proximity principle sample in e-commerce
Example of how proximity can be applied to a product grid. Image source: www.uxmisfit.com

In the image above, on the left, you can see an e-commerce page wireframe with thumbnails, titles, and everything else crammed together with no whitespace in between. It is challenging for the eye to discern which buttons relate to which thumbnail. 

However, on the right, when the proximity principle is applied correctly, everything is much clearer. Each thumbnail with belonging elements is separated from other thumbnails using whitespace. 

Now each thumbnail with the title, description, and related buttons functions as a separate group. Our brains can much quicker recognize that elements in those groups are related. It removes needless mental friction and makes the user experience much smoother. 

However, not only e-commerce websites benefit from the proximity design principle. Well-applied proximity principle is valuable in each type of design.  

Clustering similar items together is a great way to reduce clutter on your site and make it more visually appealing. It can reduce complexity and make it easier to process longer and more complex web pages.

For example, if you have many different types of content on your website, you would group them by category rather than scattering them randomly around the page. You can notice an example of the correctly applied proximity principle in the following two wireframes (image below).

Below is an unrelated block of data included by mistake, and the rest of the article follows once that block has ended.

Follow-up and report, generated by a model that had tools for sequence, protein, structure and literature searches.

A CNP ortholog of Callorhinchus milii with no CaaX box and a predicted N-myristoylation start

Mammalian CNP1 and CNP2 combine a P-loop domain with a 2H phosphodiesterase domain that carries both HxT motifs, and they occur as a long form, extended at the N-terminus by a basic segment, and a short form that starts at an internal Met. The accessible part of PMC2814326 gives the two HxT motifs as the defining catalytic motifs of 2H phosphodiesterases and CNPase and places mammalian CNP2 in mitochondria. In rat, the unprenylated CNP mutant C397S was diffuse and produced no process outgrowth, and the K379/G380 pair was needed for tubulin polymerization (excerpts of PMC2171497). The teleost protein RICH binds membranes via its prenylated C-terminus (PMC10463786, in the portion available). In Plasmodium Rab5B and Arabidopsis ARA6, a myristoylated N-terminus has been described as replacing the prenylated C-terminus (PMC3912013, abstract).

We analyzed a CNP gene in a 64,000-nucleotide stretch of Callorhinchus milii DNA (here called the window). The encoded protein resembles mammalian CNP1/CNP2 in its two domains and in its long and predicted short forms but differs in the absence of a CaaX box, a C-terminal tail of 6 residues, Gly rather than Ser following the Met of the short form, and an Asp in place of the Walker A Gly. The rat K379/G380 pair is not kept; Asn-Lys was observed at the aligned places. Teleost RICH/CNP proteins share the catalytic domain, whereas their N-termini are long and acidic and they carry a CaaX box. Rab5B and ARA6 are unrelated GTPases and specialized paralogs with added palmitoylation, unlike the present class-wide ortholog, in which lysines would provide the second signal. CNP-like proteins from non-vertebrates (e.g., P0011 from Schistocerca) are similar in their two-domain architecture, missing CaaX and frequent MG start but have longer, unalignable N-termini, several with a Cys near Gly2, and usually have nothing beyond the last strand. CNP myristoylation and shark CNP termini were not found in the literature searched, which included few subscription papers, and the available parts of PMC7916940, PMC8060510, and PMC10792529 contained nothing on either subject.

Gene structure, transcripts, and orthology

proximity principle in a wireframe
Two webpage wireframes depicting use of proximity principle. Image source: www.medium.muz.li

These are two possible options for how different types of content can be arranged on a page by grouping similar items together. Related objects are positioned closer together, forming distinct sections, and those sections are separated with whitespace. 

Eyes are able to navigate this page with ease. Imagine what a mess it would be if all elements were scattered around without this structure and with no whitespace between them. CRAP design principles allow you to avoid such outcomes.

CRAP design principles summed up

The CRAP design principles are a great way to improve the usability of your website and create a better user experience overall. By using high-contrast colors, repeating certain elements throughout your site, keeping everything properly aligned, and grouping similar items together, you can help make sure that users have a positive experience while browsing through your site, which will lead to more conversions in the long run.